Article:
ProPR gets a new design

You may notice that ProPR looks different today. For the first time in five years, ProPR has had a redesign of its look and function.

So, what’s different about this design?

First, I hope that the look and feel is cleaner. The old design was heavily stylized with dark borders and broad swatches of color. This design has a more open, light and accessible feel. I hope it scales better on a variety of monitor sizes and that the design doesn’t distract from the content. Does it look good on your screen?

Second, the comments are now powered by Disqus. The old design used the BackType plug-in for WordPress, which was shut down a couple weeks ago, we knew we had to make a change. And after looking at the alternatives, discuss seem to me to be the best of breed in common management. What do you think of the way that the comments work and are presented in this design?

Third, sharing and bookmarking the content is front and center in the new design. You’ll see the Tweet and Facebook Like buttons prominently displayed at the bottom of each post, along with a general Share button and the Evernote Clip button. I think that this reflects the evolution of social networking and puts the most frequently used sharing functions in a place where they can easily be spotted and used. What do you think could this layout?

Fourth,we’ve added simple navigation to the top right corner, with tabs for About, Speaking and Contact pages. This enables me to post more complete biographical information on the About page and details about my future speaking engagements on the Speaking page. The Contact page includes a form to contact me in place of publishing my email address. A small gesture against spammers.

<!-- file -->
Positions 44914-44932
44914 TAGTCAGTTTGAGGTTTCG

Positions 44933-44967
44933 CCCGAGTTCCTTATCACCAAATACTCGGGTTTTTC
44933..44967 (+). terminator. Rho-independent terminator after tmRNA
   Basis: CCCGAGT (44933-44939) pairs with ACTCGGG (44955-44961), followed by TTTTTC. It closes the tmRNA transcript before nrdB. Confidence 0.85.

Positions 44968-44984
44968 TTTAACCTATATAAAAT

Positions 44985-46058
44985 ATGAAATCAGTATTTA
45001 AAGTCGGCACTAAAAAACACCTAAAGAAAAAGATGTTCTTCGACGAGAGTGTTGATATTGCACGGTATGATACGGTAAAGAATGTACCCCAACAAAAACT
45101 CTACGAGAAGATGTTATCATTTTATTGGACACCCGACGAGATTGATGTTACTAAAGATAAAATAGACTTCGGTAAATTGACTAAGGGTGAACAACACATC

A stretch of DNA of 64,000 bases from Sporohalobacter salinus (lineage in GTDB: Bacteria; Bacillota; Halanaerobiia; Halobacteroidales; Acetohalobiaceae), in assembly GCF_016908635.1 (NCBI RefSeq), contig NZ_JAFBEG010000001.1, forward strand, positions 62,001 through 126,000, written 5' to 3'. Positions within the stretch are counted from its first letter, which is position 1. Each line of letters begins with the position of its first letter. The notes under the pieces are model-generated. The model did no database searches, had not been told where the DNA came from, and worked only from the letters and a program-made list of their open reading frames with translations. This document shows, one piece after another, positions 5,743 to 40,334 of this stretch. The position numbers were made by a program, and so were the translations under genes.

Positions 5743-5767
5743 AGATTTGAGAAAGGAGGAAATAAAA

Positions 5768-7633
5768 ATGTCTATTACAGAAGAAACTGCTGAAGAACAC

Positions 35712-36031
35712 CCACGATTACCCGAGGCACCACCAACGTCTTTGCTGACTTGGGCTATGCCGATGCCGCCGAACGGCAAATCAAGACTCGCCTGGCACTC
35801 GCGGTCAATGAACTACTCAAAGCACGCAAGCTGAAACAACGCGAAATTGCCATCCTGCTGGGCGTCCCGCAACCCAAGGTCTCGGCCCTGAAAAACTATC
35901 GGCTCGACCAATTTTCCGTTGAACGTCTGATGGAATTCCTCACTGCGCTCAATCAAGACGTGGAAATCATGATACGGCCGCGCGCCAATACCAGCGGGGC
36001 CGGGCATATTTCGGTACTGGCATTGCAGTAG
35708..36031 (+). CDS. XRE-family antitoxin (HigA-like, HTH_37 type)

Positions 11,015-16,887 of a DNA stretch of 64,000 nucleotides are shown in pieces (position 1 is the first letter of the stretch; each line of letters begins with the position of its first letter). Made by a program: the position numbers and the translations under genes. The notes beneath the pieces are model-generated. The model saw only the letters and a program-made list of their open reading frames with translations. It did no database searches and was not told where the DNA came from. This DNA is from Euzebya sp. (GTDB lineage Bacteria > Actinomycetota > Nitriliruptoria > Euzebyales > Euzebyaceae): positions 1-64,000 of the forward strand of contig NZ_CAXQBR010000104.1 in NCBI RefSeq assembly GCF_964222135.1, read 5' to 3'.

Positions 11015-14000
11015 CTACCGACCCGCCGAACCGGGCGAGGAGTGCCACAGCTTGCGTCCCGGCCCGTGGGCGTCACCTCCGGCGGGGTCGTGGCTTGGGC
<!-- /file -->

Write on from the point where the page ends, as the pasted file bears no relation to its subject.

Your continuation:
Finally, the sidebar has been cleaned up and reordered. We retired the Friendsroll and TopLinks plug-ins that I had used on the old design. These were developed by my colleagues at 76design at a time when blog rolls were still widely used. Those days have passed and after three years of service, Friendsroll and TopLinks have been removed. Prominent elements that remain on the sidebar include subscription by e-mail and RSS, my Twitter feed, the PostRank top posts widget, as well as the post archive and categories. We’ve added a new list of future speaking events. And, for now, we’ve kept the “Our Community” widget that we developed to point to our other blogs. (I say “for now” because we’re making other changes to the architecture of our other blogs that may lead to a change in this widget. Stay tuned.)

I owe big thanks to the talented team at 76 design for this redesign, Laurence Smink, Shaun Scanlon, and especially Ben Watts. Ben put up with me poking around the administration panel and asking far too many questions. At the end of the day he exercised his good judgment and the results are before you.

What do you think of Pro PR’s new design? Is the information easy to find and read? Does everything work? Are there things that could still be improved?

A progress marker on the road from the old to the new

Over the past five years, I’ve been working to move Thornley Fallis and 76design from a dying traditional PR business model to a new business model more in tune with the disintermediated world of individual voices and communities of interest. A world in which anyone with something to express can have a voice and others who share their interests can find them and develop relationships with them that transcend the restrictions of geography. In short, a world of social software, social media, communities of interest and relationship building.

squareWhat does our new business look like? Well, its draws on a broader range of skills than have traditionally been associated with PR. Yes, we start with our established understanding of communication and design as an enabler. But we add to this an understanding of sociology, group dynamics and organizational design. An understanding of search engines and always-on mobile connections. And an ability to design Web applications to enable people to do the things we are imagining.